It’s almost midnight, and it has been for 75 years.
That’s if you’re telling time by the Doomsday Clock, which isn’t an actual clock, of course. It’s a warning to humanity, a metaphorical countdown to existential midnight, the end of the world as we know it.
Created by the nonprofit Bulletin of the Atomic Scientists, the idea behind the clock is to remind the general public, policymakers and other scientists “how close we are to destroying our world with dangerous technologies of our own making,” and to advance discussions and ideas for reducing human-made threats to our own extinction, according to the organization’s mission. Every January, the Bulletin’s decision-makers convene to announce the clock’s new setting, if there is one (sometimes there isn’t).
Set and Reset
When the Doomsday Clock was first conceived in 1947, nuclear weapons were the technology of greatest concern to the Bulletin (whose founders included Manhattan Project alums). Over time, other issues besides nuclear war have helped inform the organization’s temporal deliberations. In 2007, for example, climate change first played a role in the setting of the hands (at five minutes to midnight). More recently, the Bulletin cited the COVID-19 pandemic as a new factor in determining the setting of the clock.
Those worrisome hands haven’t always inched inexorably towards doom, though. Over the years, the Bulletin has moved the hands back several times, often in response to improved relations between super-powers, as evidenced by arms-reduction treaties. In 1991, the hands sat at 17 minutes to midnight, the furthest away ever, thanks to the end of the Cold War and the signing of the START treaty between the U.S. and the Soviet Union.
By 2020, however, the Bulletin had set the clock forward to 100 seconds to midnight — as close as those metaphorical hands have ever come to striking 12. To drive their point home, the Bulletin’s timekeepers left the clock’s hands unchanged throughout 2021 as well, thanks in part to the pandemic. In a statement at the time, the Bulletin noted that “mishandling of this grave global health crisis is a ‘wake-up call’ that governments, institutions and a misled public remain unprepared to handle the even greater threats posed by nuclear war and climate change.”
Today, on the clock’s 75th anniversary, the Bulletin’s science and security board elected to keep the hands set at 100 seconds to midnight for yet another year, citing such factors as the continuing pandemic; nuclear proliferation in Iran, China and North Korea; ongoing climate issues; and state-sponsored disinformation campaigns, among others. “The members of the science and security board find the world to be no safer than it was last year at this time,” said Rachel Bronson, the Bulletin’s president and CEO, announcing this year’s time at a news conference.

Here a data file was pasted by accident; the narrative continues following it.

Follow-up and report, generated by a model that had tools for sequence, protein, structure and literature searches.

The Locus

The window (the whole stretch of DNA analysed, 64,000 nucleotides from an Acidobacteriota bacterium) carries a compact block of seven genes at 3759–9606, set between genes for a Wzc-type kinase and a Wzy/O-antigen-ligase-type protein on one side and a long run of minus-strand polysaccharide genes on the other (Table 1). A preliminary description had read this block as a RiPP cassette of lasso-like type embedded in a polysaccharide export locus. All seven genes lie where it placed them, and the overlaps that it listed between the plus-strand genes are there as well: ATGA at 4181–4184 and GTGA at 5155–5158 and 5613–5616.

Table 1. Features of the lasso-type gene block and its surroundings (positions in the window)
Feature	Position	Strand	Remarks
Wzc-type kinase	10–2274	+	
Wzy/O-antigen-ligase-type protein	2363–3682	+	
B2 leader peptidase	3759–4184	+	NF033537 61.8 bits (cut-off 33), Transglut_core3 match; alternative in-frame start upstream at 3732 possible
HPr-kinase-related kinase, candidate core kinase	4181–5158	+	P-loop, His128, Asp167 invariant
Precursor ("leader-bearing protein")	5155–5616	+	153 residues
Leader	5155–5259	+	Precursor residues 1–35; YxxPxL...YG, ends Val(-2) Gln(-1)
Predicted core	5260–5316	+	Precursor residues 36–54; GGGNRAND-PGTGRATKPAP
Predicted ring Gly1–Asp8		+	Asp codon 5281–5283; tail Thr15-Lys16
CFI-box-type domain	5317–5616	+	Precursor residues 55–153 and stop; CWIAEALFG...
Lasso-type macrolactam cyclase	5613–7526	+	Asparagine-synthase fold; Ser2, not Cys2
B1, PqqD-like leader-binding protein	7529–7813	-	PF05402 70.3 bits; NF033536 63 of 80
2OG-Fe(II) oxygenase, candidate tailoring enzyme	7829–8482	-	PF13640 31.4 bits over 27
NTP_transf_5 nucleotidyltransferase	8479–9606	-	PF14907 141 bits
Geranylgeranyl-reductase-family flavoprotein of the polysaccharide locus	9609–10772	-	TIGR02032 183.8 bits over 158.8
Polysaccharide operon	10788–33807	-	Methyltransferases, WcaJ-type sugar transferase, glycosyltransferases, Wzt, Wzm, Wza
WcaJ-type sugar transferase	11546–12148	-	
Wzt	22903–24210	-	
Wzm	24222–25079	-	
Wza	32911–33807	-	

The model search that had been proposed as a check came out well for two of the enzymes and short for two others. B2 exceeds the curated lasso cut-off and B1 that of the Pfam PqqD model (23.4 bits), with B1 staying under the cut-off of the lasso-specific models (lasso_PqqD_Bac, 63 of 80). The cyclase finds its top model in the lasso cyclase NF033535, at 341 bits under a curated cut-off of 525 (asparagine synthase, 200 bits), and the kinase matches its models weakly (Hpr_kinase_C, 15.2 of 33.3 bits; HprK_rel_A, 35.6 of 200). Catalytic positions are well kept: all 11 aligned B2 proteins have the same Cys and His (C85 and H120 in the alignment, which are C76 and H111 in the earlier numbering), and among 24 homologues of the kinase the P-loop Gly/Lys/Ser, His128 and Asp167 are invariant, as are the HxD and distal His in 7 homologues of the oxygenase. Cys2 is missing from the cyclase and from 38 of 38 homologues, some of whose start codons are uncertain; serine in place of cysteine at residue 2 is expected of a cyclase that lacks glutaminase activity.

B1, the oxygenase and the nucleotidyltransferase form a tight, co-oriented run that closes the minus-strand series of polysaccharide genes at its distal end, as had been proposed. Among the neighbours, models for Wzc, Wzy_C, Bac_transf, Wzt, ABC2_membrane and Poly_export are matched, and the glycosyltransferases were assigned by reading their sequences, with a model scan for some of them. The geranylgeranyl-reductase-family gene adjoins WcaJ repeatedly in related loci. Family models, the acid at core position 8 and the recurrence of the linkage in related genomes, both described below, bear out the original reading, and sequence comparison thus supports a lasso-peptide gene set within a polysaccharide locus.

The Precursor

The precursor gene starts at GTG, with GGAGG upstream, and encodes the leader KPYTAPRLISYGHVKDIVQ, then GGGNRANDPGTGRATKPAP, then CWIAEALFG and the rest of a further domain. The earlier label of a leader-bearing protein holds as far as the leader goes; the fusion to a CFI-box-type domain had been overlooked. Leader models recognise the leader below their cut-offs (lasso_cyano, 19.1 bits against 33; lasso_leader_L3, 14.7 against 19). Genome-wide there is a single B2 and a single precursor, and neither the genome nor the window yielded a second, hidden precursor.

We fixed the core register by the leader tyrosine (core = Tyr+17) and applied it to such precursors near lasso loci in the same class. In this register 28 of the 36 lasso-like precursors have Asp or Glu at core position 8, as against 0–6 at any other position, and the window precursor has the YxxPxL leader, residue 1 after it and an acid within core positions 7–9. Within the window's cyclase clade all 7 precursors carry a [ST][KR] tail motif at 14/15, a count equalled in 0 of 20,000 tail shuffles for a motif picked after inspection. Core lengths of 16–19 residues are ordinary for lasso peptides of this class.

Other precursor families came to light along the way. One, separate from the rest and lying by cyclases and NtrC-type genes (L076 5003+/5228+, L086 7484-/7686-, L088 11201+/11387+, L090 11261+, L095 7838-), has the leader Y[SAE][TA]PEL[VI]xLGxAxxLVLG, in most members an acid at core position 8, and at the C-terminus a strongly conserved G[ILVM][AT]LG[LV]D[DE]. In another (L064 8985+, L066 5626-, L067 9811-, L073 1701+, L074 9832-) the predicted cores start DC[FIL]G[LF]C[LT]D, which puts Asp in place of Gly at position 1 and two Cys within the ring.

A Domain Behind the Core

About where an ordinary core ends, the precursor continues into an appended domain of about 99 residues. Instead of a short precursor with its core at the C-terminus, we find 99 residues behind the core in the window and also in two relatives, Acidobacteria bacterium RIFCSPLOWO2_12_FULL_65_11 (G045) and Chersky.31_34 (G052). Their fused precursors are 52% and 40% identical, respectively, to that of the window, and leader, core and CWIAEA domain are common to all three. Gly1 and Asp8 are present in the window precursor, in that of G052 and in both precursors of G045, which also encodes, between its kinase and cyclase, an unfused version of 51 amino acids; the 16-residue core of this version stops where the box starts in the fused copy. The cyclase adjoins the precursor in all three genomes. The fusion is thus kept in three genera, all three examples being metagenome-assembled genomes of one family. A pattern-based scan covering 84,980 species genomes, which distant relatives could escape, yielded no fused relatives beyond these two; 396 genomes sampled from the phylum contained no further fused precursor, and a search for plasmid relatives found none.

Watching the Watchmen
Over the decades, the Doomsday Clock has become an ominous fixture in popular culture, evoked in numerous songs, films, comics and other venues. Its annual settings are attended with a kind of fretful enthusiasm — a bit like Groundhog Day, if Punxsutawney Phil was the herald of nuclear winter, with no spring ever to come again.
Critics of the clock — and there are many, spread across both the political and scientific landscape — dismiss the whole concept as fear-mongering theater, not the sort of thing you’d expect from an organization created by scientists. Historically, opponents have also taken the Bulletin to task for its methodology in setting the clock, which is seen as imprecise, difficult to quantify and even capricious. (Clock detractors like to point out that the initial 1947 setting, at seven minutes to midnight, was chosen merely because its original designer, artist Martyl Langsdorf, thought “it looked good to my eye.”)
Still, supporters and the Bulletin itself maintain that the clock is an iconic metaphor, “a reminder of the perils we must address if we are to survive on the planet,” according to the website.
Meanwhile, whether you want to keep your eye on it or not, the Doomsday Clock is ticking, still closer to midnight than it has ever been, but (hopefully) never quite reaching it.
Source : Discovermagazine